Stack Overflow is a community of 4.7 million programmers, just like you, helping each other.

Join them; it only takes a minute:

Sign up
Join the Stack Overflow community to:
  1. Ask programming questions
  2. Answer and help your peers
  3. Get recognized for your expertise

ok so i have this query

select price from product where product_id in (49, 50, 51)

and I want to know if the three records returned will be in the same order as my in clause. SO for example

100.0000
166.0000
55.0000

will 100.0000 belong to 49, 166.0000 to 50 and 55.0000 to 51

share|improve this question
up vote 1 down vote accepted

If you want to preserve the same order you have specified within in clause you have to use field() function.

select price from product where product_id in (49, 50, 51)
order by field(product_id,49,50,51)
share|improve this answer

No. They will be returned in the order which they are encountered when selecting from the product table. Ordering in a database is an expensive operation, so it won't sort anything unless you explicitly tell it to. You should have an order by clause if order is important.

share|improve this answer

No

An IN clause does not sort your rows. Also IN clauses suck, if you can avoid them do.

SELECT price from product where product_id BETWEEN 49 AND 51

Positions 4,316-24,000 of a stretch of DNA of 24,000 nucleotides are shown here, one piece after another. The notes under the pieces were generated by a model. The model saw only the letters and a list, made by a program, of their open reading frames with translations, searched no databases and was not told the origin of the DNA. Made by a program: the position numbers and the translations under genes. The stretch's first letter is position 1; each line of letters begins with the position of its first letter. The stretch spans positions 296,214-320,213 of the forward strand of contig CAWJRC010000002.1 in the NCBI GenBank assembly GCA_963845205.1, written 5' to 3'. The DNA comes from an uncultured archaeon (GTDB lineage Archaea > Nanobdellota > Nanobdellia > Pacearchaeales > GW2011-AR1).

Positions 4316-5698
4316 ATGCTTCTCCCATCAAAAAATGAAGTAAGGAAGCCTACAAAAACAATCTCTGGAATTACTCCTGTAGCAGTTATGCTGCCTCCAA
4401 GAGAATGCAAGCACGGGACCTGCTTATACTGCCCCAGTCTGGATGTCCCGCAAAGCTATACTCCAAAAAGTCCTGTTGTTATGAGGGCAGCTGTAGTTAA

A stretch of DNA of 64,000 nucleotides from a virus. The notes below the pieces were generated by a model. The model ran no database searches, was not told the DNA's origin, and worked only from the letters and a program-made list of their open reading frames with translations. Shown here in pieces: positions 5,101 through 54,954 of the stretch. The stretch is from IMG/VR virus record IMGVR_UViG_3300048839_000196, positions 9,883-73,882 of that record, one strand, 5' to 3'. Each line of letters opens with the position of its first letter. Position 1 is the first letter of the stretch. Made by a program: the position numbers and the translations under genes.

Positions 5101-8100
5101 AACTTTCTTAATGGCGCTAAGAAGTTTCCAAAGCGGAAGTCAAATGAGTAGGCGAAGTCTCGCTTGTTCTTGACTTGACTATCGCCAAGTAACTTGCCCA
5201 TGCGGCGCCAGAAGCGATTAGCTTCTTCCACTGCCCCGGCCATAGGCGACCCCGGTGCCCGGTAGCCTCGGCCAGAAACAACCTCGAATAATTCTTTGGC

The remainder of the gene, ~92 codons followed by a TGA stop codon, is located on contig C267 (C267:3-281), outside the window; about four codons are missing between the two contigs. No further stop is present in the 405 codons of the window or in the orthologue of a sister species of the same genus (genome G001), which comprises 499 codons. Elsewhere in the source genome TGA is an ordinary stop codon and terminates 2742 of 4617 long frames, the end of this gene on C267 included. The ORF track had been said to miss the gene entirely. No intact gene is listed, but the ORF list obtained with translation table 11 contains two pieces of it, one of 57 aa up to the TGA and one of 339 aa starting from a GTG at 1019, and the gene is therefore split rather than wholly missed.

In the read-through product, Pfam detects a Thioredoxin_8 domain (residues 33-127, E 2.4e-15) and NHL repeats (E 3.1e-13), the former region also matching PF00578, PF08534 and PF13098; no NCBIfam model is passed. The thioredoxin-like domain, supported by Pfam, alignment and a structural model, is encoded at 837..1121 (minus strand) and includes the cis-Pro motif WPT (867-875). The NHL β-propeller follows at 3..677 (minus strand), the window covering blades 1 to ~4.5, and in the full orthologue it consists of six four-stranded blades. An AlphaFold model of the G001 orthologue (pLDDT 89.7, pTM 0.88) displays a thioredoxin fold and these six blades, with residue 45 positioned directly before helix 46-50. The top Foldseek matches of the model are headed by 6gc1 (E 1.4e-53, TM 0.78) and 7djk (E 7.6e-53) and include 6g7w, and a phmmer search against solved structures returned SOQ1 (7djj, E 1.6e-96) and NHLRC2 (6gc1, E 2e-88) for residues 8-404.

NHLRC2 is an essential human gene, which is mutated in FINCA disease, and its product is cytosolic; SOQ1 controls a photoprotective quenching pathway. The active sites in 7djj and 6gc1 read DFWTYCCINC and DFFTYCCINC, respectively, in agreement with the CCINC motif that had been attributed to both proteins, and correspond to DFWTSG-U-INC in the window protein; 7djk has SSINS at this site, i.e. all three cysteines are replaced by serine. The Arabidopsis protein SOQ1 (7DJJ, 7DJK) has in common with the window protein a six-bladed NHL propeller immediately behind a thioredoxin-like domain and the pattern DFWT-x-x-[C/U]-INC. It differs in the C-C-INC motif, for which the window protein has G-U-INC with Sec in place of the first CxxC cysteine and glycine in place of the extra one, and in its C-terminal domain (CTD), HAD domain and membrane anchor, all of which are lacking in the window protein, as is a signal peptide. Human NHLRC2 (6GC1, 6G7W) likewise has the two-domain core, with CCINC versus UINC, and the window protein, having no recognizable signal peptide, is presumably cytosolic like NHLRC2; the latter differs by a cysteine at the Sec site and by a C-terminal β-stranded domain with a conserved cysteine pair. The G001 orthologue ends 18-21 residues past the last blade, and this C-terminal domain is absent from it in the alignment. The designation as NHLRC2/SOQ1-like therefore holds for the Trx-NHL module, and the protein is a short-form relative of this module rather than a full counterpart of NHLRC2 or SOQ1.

is a better query. If you want your query in a particular order do order by somefield at the end.

More on IN
In your use case you don't need IN, because you can trade 3 comparisons with 2, which is faster.
If your query is:

select price from product where product_id in (51547, 417853, 879823)

Then using IN is fine. This is the only case where IN doesn't suck

Especially never use IN with a subselect

enter image description herecoding horror

SELECT price FROM product WHERE product_id IN 
    (SELECT product_id FROM tableX)

Replace this with

SELECT price FROM product 
INNER JOIN tableX ON (product.product_id = tableX.product_id)

Which is much faster.

share|improve this answer

Your Answer

 
discard

By posting your answer, you agree to the privacy policy and terms of service.

Not the answer you're looking for? Browse other questions tagged or ask your own question.